Yashushi Entitlement Agreement
Yashushi Collaborative Agreement
How to handle a real or suspected fraud
If you have been targeted by any of these frauds, please forward any of the emails and supporting documents that you have received to [email protected]
If you suspect you are acting on a matter that might be a fraud, call LAWPRO at 1-800-410-1013 (416-598-5899). We will talk you through the common fraud scenarios we are seeing and help you spot red flags that may indicate you are being duped. This will help you ask appropriate questions of your client to determine if the matter is legitimate or not. If the matter you are acting on turns out to be a fraud and there is a potential claim, we will work with you to prevent the fraud and minimize potential claims costs.
If you have been successfully duped, please immediately notify LAWPRO as there may be a claim against you.
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Fraud Fact SheetMore fraud prevention information and resources are available on the practicePRO Fraud page, including the Fraud Fact Sheet, a handy reference for lawyers and law firm staff that describes the common frauds and the red flags that can help identify them.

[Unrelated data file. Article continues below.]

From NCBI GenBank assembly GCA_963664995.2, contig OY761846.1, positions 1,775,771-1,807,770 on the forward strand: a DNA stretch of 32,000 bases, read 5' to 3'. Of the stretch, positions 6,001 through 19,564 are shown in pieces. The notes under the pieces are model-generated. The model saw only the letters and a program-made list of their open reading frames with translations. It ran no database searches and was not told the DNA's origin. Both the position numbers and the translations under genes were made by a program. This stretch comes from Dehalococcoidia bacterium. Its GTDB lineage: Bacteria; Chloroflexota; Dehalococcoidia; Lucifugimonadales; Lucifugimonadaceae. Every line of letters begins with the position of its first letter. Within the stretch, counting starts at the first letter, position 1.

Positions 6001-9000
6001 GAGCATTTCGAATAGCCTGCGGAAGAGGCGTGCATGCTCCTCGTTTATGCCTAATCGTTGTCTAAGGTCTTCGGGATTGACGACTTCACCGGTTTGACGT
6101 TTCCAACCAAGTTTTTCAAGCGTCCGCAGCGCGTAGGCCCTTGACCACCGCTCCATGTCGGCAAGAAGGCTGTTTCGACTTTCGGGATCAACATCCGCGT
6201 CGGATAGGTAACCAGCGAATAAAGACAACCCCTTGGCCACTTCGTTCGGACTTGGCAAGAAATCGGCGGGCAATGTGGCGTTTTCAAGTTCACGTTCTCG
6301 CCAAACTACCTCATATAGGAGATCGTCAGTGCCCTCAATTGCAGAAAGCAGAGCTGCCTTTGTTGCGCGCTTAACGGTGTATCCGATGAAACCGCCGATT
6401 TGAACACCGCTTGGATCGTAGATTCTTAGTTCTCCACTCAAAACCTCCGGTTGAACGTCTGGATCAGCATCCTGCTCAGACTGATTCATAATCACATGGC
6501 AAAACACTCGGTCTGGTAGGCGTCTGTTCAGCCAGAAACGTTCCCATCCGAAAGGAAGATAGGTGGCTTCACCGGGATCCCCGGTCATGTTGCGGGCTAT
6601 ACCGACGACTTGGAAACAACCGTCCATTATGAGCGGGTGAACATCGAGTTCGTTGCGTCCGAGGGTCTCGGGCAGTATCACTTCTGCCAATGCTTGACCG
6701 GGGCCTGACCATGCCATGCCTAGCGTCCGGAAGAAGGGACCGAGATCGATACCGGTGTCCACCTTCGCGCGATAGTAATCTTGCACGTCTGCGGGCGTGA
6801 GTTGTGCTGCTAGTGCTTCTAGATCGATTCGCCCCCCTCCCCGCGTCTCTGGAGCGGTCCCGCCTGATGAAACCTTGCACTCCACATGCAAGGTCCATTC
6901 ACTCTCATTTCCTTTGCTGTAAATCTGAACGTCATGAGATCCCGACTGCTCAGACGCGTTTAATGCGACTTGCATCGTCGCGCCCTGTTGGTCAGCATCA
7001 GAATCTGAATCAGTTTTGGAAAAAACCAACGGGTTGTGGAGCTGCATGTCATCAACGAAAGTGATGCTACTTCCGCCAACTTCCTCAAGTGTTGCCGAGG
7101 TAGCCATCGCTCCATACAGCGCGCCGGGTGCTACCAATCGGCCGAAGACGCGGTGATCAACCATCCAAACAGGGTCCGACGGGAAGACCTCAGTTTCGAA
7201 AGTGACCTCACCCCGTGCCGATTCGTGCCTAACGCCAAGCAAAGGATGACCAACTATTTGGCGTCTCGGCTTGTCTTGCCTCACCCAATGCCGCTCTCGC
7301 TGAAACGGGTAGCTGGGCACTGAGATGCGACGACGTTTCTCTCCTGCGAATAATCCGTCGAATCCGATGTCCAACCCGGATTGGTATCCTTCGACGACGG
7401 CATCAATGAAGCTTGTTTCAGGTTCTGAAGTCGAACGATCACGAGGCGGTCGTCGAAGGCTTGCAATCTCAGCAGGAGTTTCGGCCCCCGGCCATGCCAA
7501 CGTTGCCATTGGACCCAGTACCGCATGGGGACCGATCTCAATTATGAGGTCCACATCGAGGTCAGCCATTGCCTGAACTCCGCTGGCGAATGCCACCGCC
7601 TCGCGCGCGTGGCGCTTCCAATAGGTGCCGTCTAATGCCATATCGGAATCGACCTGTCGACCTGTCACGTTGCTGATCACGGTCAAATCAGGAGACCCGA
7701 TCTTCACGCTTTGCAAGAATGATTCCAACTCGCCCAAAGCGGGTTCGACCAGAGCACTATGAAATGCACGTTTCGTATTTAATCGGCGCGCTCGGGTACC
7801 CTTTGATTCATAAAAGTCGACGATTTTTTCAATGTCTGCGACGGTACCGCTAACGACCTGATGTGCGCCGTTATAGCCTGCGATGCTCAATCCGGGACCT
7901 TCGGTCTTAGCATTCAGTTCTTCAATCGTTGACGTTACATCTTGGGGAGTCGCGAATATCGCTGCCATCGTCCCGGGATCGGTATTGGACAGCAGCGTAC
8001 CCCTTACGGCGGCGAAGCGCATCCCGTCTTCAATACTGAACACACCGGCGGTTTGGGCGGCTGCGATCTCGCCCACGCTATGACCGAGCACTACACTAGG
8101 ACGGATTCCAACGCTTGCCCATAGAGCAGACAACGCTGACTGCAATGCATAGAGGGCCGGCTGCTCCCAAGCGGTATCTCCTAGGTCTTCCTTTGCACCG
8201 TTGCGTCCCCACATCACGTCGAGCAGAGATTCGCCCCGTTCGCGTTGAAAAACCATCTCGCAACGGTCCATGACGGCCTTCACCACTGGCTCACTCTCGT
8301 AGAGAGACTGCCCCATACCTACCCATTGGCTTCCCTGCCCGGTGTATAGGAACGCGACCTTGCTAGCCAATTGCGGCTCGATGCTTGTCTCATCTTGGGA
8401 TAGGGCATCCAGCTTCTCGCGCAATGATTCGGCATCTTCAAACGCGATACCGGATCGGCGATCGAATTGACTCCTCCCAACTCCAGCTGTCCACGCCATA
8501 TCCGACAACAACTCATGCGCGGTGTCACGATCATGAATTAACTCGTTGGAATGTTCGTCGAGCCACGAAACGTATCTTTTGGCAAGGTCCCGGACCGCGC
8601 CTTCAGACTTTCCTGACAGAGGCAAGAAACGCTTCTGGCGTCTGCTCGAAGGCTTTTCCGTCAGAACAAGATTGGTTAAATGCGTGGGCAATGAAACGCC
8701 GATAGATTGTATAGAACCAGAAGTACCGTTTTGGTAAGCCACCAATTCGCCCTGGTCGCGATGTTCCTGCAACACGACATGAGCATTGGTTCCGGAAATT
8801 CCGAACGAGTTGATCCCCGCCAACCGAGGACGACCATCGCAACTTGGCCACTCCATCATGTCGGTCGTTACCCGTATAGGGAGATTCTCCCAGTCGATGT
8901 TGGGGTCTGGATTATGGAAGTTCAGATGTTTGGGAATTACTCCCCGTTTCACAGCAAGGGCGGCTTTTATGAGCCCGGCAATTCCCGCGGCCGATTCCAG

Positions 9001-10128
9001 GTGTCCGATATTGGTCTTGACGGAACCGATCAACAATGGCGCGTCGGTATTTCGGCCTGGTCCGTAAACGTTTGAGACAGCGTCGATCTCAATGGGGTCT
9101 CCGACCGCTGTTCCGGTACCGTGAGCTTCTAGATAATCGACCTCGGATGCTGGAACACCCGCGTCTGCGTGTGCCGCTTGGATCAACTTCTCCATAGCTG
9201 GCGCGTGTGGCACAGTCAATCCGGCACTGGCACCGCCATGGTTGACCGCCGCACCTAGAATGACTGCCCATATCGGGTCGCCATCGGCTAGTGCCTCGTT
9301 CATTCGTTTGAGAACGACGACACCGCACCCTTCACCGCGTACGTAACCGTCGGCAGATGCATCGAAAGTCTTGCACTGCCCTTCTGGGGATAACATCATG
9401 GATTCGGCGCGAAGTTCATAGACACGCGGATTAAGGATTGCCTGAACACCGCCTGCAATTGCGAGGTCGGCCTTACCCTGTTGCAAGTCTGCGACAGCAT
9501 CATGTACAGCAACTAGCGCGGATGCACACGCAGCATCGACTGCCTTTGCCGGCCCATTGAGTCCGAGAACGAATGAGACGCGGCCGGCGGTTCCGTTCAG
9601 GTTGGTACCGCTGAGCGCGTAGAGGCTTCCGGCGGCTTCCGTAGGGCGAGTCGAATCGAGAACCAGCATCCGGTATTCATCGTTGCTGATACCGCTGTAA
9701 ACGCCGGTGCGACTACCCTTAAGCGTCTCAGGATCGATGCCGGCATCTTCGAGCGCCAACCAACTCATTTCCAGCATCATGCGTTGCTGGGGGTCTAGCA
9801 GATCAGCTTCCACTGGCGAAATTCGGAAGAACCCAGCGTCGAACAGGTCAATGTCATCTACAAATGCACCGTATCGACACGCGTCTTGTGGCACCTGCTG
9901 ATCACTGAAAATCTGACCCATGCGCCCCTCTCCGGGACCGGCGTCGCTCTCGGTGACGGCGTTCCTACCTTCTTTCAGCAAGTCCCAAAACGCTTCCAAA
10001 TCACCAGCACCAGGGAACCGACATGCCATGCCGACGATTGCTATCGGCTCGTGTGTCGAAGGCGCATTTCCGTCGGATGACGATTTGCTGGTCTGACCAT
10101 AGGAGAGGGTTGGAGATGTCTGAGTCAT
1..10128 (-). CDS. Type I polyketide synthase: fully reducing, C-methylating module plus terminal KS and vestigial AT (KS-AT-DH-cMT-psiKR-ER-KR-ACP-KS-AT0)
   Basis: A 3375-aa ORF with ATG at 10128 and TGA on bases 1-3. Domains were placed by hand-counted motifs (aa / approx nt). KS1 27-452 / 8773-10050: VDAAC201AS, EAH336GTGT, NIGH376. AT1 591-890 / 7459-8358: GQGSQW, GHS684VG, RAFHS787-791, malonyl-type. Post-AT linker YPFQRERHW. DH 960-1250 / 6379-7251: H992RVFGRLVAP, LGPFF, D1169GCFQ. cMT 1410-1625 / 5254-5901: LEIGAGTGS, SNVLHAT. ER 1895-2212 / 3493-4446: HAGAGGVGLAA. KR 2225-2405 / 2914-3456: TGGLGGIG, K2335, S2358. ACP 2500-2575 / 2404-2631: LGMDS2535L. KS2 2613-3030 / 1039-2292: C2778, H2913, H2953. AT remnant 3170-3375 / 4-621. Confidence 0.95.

February 21, 2012 at 4:33 pm, Greg James said:
I received the same email, except that the location for “Mr. Yasushi” was listed as Oklahoma City.
February 23, 2012 at 1:18 pm, Christine Blitzer said:
Same email with location of Rochester, NY
February 25, 2012 at 12:38 pm, Kate Fultz said:
Recieved the same initial inquiry e-mail
February 26, 2012 at 8:54 pm, Der Yang said:
Same email with location in St. Paul, MN, coincidentally, the city where I practice.
February 27, 2012 at 10:16 am, LJ Pendlebury said:
Received same scam; location changed to Alexandria VA. Strange that it should come to me, since I’m a mediator, not an attorney. Glad to know it’s phoney. I am listed on website for divorce services, maybe that’s how I was targeted.
February 27, 2012 at 6:54 pm, Casey DuBose said: